Literally the road less traveled, but far more rewarding. America’s favorite backroad is rich in history and unique finds for any traveler. The Great River Road Historic Byway of the Mississippi River offers the classic American way to relax and connect to the countryside on a leisurely scenic drive. As one of the oldest, longest and most interesting scenic byways in North America, the Great River Road is a respite to millions of travelers seeking a getaway— from a leisurely day’s drive to an extended vacation. And there’s plenty of Great River Road to see. Nearly 3,000 miles long and running through ten states along the Mississippi River, the Great River Road is an enjoyable and accessible gateway to the gently-flowing backbone of this country.
Did you know…
Dating back to 1938, when Franklin D. Roosevelt was president, the concept of a transcontinental Great River Parkway along the Mississippi River was developed by the governors of the ten river states. Wishing to conserve precious resources – among them land, time and dollars – it was decided that rather than building a new continuous road, the existing network of rural roads and then-fledgling highways that meandered and crisscrossed the river would become the Great River Road. The green Pilot’s Wheel road sign that marked the route of the new byway decades ago still heralds the byway today.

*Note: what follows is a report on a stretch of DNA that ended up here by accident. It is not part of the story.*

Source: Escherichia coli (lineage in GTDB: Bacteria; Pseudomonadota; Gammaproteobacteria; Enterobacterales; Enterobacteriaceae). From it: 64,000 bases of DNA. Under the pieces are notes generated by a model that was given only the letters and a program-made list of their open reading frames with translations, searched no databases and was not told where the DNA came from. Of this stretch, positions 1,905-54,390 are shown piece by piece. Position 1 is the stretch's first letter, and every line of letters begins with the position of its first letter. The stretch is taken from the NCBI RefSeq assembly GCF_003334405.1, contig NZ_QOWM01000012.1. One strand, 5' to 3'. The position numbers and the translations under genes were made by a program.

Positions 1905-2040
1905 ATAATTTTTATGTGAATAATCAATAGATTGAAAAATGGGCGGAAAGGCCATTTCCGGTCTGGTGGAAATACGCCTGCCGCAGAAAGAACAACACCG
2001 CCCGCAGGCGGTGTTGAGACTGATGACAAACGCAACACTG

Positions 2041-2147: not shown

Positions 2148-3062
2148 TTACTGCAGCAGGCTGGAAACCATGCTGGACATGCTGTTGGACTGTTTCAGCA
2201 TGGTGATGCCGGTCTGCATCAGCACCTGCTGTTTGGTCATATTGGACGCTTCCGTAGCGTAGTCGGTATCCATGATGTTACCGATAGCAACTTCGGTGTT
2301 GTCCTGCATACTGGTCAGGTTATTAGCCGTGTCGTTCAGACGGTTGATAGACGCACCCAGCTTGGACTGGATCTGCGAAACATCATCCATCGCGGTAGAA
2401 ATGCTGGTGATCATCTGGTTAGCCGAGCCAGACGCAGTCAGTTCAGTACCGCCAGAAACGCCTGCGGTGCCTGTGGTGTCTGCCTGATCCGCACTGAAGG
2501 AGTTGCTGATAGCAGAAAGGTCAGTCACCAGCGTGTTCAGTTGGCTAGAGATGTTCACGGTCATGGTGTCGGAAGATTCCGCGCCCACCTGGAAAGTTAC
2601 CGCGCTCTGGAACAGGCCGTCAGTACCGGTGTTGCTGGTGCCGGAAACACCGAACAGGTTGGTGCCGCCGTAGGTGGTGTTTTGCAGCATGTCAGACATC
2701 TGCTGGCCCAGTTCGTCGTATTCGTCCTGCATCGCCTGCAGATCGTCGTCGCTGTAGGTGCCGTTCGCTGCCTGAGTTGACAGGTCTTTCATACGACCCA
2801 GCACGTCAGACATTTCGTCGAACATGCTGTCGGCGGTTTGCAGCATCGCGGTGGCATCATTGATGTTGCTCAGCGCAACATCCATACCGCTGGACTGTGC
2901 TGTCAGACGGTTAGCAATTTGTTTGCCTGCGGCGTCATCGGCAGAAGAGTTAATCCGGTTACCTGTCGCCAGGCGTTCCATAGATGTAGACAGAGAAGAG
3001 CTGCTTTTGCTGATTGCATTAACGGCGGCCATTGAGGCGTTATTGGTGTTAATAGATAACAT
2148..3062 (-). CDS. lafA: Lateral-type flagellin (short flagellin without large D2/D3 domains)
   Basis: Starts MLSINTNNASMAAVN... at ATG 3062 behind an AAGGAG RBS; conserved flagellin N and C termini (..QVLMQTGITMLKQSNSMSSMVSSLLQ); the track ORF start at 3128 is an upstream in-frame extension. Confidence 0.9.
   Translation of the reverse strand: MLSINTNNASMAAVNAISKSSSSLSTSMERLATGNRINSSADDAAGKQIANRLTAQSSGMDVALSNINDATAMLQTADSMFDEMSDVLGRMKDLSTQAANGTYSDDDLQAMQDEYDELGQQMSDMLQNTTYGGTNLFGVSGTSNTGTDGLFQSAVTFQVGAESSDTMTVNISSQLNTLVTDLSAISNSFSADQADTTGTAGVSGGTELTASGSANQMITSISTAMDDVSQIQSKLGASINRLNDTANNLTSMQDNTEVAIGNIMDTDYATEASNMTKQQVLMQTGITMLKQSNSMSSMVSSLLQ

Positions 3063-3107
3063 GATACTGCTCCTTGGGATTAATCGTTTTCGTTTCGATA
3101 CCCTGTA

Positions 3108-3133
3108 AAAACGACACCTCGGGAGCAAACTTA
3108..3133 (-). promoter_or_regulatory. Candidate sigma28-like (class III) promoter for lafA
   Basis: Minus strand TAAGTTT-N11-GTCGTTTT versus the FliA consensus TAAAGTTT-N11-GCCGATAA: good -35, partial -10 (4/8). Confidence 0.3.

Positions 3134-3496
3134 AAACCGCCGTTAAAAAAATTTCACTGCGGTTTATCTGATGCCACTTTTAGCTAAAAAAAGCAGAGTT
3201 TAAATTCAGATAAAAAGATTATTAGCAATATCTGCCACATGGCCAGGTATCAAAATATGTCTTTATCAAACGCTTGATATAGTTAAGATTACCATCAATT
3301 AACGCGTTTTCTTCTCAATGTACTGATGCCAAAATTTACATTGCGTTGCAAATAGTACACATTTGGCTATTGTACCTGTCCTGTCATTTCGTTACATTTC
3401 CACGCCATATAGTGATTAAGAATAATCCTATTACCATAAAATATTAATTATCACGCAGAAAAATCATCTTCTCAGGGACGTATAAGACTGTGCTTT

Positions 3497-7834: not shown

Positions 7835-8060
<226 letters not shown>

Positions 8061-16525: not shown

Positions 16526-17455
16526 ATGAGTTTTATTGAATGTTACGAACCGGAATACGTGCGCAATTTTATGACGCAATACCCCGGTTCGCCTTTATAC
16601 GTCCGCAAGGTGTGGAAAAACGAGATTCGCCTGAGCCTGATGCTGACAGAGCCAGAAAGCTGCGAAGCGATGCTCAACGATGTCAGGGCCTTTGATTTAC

Greenville has it’s own Interpretive Center of The Great River Road. The unique structure of this center is a replica of the steamboat that originally served as the Mississippi state exhibit at the 1984 New Orleans World’s Fair and harkens back to the great paddlewheelers that once plied the river.